Can You Still Eat Junk Food On A Diet?

Most of us have been taught, or even assume we have to give up all junk food to lose weight. It makes sense on the surface, foods that lack nutritional value but add to our calorie count seem like they should be exiled from our life when we’re trying to control weight loss. What if I told you completely getting rid of our favorite snacks might actually inhibit your weight loss journey?

Fad diets sound nice in concept, but generally our bodies just aren’t set up for long term success when we focus on very strict eating just to lose weight. Sure, we can stick to a strict diet for a few weeks, maybe even a few months, but long term, most people find themselves struggling with cutting out all “bad foods”. Often we find ourselves struggling with cutting out junk food entirely when we’re in social settings, everyone else is ordering pizza and beer, and we find ourselves eating greens whilst green with envy. This can lead to a variety of issues, mostly us feeling guilt and anxiety over breaking our diet to have a slice of pizza with our friends. This guilt and anxiety can lead to a feeling of defeat in our health journey, causing us to fall off the wagon entirely. When in reality, we can have that slice of pizza as long as continue to practice regular healthy eating habits along with proper exercise.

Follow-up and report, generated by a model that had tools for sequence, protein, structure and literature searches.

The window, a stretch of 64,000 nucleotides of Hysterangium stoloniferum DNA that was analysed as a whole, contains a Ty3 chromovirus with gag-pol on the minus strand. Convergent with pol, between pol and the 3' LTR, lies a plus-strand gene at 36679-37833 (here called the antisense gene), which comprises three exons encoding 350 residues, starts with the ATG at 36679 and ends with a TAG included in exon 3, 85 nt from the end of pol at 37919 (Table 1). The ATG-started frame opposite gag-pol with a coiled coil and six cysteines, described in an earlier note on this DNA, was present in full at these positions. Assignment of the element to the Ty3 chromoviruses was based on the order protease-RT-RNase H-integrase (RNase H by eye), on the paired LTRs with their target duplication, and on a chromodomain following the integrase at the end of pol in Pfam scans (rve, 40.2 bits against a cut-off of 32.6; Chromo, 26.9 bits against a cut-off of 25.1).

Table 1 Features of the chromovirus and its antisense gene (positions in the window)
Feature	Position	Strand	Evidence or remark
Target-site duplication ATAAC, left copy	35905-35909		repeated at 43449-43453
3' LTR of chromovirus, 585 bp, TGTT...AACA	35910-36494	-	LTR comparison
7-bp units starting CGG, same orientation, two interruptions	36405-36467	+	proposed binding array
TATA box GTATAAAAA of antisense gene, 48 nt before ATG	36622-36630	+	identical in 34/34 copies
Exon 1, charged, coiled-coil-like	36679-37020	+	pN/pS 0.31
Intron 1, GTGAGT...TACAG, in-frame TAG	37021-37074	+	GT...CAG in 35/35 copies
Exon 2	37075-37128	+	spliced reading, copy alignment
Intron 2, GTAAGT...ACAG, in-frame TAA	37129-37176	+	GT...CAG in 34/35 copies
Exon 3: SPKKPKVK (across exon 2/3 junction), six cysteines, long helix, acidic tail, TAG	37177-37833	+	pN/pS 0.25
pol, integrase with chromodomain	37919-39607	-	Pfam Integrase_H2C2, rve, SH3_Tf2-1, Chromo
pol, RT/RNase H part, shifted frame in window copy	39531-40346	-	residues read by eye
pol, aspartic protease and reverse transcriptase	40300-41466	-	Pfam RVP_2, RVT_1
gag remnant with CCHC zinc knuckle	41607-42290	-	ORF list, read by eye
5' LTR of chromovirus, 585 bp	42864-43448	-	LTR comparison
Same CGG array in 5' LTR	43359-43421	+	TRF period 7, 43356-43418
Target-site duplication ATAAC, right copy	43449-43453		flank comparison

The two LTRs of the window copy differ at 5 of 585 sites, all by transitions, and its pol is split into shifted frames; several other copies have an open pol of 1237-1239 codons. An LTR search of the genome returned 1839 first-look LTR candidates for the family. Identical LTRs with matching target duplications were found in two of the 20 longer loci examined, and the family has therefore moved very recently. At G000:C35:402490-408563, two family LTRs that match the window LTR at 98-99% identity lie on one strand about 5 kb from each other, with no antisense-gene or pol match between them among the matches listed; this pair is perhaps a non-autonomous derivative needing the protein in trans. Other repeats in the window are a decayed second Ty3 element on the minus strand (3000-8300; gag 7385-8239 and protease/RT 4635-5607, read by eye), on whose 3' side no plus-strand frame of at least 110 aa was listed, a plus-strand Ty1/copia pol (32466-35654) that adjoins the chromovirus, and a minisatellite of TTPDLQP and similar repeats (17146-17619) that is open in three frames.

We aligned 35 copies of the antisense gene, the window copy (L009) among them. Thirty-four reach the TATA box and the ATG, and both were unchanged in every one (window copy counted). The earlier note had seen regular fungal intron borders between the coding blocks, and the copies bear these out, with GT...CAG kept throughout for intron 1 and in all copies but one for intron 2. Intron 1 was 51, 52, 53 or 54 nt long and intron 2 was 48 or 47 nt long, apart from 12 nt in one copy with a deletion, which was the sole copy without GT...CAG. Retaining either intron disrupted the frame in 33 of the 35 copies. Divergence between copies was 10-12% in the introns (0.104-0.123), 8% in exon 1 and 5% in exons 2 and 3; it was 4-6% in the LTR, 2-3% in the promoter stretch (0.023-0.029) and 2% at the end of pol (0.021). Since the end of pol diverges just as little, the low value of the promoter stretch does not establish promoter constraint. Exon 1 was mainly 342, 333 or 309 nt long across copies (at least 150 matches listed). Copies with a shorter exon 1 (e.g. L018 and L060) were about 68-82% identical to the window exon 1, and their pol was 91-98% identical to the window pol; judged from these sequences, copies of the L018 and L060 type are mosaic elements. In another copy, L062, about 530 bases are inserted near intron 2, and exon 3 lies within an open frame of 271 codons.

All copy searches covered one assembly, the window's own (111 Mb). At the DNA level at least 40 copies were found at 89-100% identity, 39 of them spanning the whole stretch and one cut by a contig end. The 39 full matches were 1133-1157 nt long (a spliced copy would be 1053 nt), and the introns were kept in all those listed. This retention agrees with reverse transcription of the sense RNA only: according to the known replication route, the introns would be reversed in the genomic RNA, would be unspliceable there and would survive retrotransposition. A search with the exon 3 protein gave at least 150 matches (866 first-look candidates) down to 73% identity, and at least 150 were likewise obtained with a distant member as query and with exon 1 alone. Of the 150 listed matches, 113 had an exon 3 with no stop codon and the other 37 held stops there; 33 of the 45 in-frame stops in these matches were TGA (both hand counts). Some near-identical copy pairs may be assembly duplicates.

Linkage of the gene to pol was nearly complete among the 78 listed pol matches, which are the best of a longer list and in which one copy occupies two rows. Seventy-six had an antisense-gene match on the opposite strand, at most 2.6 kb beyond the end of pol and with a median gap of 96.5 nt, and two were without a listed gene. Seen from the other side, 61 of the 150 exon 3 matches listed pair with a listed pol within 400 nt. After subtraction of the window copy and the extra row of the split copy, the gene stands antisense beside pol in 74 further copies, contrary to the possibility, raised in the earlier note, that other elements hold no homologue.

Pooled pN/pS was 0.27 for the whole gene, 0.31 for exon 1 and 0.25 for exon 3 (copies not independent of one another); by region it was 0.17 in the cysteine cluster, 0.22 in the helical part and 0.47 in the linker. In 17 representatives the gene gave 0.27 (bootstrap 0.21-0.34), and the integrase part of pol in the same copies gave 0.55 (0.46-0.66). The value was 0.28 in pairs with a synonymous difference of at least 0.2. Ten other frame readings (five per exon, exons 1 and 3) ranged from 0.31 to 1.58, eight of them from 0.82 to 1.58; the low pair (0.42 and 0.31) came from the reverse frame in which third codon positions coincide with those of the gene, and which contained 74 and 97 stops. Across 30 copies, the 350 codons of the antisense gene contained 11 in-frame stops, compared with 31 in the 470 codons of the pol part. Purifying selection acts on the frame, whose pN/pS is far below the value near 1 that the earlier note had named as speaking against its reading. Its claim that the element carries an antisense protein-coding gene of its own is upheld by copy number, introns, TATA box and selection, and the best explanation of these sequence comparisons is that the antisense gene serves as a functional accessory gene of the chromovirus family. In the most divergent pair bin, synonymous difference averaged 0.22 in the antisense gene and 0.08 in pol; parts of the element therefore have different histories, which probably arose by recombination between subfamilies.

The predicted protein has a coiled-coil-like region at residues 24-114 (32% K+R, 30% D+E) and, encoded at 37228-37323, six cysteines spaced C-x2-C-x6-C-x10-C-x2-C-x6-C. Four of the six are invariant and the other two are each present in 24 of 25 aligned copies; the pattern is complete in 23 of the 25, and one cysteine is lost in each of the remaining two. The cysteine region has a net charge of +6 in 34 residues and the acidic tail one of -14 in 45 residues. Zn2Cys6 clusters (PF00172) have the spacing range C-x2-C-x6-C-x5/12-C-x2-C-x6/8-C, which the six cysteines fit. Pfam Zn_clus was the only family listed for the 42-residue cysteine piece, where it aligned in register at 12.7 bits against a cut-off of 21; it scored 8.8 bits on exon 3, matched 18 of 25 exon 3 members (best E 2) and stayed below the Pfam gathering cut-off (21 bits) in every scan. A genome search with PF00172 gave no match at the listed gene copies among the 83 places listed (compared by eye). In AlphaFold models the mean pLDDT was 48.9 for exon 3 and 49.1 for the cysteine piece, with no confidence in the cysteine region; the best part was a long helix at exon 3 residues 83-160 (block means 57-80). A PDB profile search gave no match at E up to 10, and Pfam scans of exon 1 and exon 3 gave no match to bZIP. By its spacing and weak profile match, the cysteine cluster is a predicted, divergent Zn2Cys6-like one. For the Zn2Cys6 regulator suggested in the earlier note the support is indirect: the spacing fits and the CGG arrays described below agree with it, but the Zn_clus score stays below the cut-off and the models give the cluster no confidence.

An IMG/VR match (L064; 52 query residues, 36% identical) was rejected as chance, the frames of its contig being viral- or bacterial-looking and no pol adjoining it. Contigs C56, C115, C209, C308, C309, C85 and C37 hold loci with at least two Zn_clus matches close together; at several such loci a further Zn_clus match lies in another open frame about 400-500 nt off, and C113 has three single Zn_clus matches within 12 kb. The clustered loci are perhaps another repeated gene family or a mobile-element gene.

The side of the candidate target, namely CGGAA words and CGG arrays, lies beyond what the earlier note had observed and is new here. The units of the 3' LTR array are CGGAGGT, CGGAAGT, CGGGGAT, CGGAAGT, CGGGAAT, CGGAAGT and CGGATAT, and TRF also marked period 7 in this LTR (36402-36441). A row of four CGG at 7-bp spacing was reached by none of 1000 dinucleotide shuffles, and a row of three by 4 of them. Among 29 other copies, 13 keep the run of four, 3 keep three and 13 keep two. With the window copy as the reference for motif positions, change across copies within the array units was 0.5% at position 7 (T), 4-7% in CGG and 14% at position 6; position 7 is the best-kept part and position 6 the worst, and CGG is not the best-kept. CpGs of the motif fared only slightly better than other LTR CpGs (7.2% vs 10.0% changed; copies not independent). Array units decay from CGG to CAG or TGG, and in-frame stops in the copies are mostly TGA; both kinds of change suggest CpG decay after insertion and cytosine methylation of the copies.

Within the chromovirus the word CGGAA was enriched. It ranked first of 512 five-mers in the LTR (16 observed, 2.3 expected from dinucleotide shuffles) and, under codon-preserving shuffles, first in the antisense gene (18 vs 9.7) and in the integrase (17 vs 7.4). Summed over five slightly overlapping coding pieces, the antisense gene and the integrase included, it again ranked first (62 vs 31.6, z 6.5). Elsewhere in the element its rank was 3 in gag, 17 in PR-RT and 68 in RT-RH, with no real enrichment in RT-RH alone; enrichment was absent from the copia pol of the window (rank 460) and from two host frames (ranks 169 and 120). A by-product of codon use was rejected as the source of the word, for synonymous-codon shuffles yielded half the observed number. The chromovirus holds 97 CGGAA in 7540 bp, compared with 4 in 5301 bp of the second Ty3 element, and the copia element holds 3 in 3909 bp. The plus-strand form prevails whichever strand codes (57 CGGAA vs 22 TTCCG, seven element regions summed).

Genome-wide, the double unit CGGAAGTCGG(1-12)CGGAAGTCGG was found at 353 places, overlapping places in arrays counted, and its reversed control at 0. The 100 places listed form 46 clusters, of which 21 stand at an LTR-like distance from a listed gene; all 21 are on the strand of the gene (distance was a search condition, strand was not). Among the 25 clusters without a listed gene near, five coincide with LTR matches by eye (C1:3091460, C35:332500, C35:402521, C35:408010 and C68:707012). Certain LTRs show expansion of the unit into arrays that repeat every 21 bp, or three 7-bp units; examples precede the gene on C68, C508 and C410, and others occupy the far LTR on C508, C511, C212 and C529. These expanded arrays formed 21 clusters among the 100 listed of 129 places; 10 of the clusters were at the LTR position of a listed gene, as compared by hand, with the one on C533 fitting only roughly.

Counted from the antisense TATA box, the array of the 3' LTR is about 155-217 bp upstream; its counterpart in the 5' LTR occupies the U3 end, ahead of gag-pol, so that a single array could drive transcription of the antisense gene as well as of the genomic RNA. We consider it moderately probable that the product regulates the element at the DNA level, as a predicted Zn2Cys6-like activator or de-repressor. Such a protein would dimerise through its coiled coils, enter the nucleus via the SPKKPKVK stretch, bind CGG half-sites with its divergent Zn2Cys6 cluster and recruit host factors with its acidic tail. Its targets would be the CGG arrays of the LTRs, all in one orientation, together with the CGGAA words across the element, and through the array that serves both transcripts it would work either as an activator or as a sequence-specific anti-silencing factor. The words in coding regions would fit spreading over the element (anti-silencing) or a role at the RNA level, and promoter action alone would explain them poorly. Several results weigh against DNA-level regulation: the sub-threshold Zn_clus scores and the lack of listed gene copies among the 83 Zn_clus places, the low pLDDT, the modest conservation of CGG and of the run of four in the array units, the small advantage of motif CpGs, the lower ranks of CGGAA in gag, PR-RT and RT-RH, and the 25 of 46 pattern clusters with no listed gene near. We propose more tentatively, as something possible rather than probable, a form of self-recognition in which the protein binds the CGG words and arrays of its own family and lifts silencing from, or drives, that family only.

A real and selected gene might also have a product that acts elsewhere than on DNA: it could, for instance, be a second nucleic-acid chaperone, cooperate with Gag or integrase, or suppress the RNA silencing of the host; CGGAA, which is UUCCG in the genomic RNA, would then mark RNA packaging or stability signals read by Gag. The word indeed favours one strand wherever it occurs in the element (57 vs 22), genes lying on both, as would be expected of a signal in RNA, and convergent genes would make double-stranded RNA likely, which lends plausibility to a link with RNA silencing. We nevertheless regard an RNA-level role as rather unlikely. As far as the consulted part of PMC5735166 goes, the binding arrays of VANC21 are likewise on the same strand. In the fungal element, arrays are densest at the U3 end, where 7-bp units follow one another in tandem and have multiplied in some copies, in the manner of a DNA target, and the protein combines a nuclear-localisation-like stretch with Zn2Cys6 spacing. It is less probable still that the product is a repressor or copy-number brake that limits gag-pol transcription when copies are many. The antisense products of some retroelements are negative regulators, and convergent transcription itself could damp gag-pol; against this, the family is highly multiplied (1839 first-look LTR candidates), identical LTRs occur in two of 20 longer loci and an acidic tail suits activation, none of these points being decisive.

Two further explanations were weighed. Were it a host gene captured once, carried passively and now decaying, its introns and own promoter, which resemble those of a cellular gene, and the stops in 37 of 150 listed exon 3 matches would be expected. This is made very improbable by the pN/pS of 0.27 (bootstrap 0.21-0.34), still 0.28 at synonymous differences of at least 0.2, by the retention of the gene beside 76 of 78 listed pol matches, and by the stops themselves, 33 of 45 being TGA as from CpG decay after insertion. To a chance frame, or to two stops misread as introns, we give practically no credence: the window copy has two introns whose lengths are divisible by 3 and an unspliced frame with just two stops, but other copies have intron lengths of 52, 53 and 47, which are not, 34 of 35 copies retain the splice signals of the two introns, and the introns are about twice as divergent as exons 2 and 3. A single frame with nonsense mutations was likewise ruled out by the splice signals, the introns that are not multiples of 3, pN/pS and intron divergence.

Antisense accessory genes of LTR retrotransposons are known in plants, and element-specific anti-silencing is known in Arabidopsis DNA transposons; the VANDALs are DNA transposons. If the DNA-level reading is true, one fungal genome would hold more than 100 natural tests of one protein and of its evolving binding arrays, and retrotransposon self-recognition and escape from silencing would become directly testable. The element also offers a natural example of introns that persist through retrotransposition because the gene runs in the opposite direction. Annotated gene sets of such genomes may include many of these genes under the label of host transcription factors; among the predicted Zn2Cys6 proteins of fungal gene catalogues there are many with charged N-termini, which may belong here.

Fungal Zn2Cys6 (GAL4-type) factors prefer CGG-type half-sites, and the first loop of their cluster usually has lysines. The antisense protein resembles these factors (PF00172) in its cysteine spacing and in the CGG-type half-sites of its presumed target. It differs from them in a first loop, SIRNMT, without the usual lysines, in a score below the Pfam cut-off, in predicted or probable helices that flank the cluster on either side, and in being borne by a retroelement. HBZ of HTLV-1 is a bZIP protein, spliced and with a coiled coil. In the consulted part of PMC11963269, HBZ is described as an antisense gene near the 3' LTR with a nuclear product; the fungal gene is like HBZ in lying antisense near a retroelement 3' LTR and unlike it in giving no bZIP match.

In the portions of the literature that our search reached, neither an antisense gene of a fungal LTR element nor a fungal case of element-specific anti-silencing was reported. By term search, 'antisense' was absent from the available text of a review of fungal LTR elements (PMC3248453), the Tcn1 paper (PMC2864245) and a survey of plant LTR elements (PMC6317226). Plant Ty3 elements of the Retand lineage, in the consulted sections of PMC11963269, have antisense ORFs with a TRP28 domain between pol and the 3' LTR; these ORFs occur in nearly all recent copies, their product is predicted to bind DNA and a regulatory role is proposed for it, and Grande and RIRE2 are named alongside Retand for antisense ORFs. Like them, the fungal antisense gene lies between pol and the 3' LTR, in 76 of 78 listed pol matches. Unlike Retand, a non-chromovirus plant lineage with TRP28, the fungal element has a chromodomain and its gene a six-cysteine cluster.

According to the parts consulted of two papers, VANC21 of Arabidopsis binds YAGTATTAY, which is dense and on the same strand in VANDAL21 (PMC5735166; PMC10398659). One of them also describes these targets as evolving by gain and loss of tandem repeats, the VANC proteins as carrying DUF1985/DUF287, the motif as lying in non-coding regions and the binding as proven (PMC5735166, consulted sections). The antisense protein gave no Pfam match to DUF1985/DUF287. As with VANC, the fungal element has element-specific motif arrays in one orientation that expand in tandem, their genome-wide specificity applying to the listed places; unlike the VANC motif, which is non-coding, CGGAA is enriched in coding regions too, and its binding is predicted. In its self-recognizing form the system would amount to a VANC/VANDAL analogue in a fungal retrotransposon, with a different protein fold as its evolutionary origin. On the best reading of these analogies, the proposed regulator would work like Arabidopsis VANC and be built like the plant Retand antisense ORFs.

According to an article by Precision Nutrition

You can help minimize the negative effects of junk food by maintaining overall good health habits.

But here’s something most people miss: Junk food can actually charge other batteries—assuming you consume it intentionally.

By intentionally, we mean:

You choose to eat the food on purpose (not just because it’s there), with joy and contentment (rather than guilt), in an amount that aligns with your overall health goals, and after weighing and accepting the tradeoffs.

Do all of that and you might see an increase in…

✅ Social health if you consume the food with a friend or loved one

✅ Existential health if that yumminess alights your soul with pleasure—and doesn’t make you feel guilty (cookie dough for the soul, anyone?)

✅ Emotional health if small, intentional indulging helps you feel content, relaxed, and satisfied (rather than deprived and, eventually, resentful)

The result: that ice cream excursion may actually boost overall health (even if it doesn’t directly benefit physical health).

So the next time you’re craving a piece of cake, remember portion control, and don’t slack on your workout.